‘Why are you so attached to my brother, Tom?’

Elena spooned the cherries off the cake and seemed more relaxed than usual.

‘I don’t really know.’ I told her the truth. ‘I just think your brother is an exceptional person.’

‘You really smell of drink,’ Elena leaned forward. ‘You’re a drunk, aren’t you?’

‘Yes, I’m a drunk.’

She closed her eyes as if trying to gather her thoughts. I noticed that her eyelids were dusted with pale blue eyeshadow that glittered and sparkled under the lights. When she opened her eyes again her manner was no longer amiable. I quickly understood that I was not out of my depth, it was just that Elena was swimming alongside me in the deep end.

‘The doctors think my brother is having a nervous breakdown.’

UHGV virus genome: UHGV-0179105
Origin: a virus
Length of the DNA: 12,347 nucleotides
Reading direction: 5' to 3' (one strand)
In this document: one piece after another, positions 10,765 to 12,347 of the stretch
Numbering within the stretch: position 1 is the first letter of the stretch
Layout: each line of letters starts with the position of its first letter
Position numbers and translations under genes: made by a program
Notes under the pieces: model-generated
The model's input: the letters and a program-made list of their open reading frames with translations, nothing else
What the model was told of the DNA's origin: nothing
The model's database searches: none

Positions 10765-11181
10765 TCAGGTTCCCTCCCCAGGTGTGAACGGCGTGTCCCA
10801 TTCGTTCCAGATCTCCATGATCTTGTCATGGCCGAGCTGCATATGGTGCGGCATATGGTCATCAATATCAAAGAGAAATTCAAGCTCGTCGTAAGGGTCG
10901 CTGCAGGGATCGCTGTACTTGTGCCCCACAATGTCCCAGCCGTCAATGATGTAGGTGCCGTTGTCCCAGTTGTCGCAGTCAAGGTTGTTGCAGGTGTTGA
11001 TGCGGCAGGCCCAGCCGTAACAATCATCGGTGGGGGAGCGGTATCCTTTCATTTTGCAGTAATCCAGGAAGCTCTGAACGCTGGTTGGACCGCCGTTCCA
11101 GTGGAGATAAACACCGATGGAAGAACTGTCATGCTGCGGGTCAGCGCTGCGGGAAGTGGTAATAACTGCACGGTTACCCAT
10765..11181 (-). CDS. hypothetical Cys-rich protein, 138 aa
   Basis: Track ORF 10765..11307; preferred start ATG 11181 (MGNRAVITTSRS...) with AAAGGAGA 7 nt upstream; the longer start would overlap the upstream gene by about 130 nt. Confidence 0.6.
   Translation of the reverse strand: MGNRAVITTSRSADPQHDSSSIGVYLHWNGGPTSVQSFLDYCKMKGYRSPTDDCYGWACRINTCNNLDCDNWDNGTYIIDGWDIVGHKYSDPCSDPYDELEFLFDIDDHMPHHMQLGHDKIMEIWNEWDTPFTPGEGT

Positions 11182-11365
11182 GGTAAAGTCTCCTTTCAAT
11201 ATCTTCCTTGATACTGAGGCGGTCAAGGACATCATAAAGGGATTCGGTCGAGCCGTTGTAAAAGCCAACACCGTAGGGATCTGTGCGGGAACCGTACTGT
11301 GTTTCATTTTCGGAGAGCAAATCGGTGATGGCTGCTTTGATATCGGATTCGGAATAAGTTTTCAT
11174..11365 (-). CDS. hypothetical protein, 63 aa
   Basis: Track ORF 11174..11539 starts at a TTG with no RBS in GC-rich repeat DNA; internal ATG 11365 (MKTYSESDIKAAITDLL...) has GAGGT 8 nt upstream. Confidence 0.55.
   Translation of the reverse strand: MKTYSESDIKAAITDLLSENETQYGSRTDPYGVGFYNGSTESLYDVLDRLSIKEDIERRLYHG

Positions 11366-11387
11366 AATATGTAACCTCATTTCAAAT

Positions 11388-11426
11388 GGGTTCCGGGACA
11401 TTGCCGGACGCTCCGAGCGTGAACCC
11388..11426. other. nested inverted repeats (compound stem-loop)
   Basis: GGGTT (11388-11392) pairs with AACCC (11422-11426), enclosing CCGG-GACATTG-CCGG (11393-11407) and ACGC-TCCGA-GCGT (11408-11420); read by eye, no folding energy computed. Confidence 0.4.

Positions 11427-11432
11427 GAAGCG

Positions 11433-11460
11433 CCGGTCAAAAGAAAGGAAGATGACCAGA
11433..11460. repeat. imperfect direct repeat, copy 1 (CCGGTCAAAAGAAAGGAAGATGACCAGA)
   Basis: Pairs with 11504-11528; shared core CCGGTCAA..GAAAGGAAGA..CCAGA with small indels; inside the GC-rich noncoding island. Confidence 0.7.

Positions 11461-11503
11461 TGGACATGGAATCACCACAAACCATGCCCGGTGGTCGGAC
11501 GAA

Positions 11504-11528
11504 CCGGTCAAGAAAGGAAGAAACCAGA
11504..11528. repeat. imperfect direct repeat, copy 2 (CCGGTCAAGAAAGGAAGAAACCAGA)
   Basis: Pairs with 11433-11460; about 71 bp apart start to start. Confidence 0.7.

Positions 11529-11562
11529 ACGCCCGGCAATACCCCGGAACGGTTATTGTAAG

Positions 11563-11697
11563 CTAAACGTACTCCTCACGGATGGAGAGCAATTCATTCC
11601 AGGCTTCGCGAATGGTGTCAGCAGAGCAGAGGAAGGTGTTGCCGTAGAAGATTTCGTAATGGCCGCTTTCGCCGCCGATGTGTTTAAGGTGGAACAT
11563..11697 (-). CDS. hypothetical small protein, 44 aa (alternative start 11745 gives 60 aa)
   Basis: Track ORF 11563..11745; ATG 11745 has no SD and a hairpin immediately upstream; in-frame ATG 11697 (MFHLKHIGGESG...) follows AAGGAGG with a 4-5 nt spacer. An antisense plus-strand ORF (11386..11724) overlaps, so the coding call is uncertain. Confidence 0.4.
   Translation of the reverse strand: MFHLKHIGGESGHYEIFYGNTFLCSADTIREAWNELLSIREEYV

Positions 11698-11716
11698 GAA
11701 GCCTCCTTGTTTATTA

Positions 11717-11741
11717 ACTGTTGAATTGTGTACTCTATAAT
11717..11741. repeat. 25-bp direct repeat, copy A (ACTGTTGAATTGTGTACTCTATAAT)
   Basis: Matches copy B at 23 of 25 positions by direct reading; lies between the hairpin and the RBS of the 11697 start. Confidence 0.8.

I attempted to smile.

‘Your brother is very sick.’

She leaned forward.


Yes. He’s suffering for you
.’

Elena licked a few crumbs of cheesecake off her lips and gazed out of the window at a black Jaguar with tinted windows driving out of the car park. Its engine suddenly stalled near the poppies growing on the banks of the moat – and then started again with a jump. Even this did not wake the two sleeping swans adrift on the dark water.

Elena turned her gaze back to me.

‘It’s very difficult for my family. You see, Tom, I know my brother has a lot of empathy . . . but your kind of problems are not Nikos’ kind of problems.’

‘Yes,’ I replied solemnly. ‘I can appreciate that.’

‘His kind of problems when he was a kid were having the electricity cut off because Dad couldn’t pay the bills. He never had a Dutch tutor. He went to a comprehensive school off the Holloway Road.’

BOOK: Black Vodka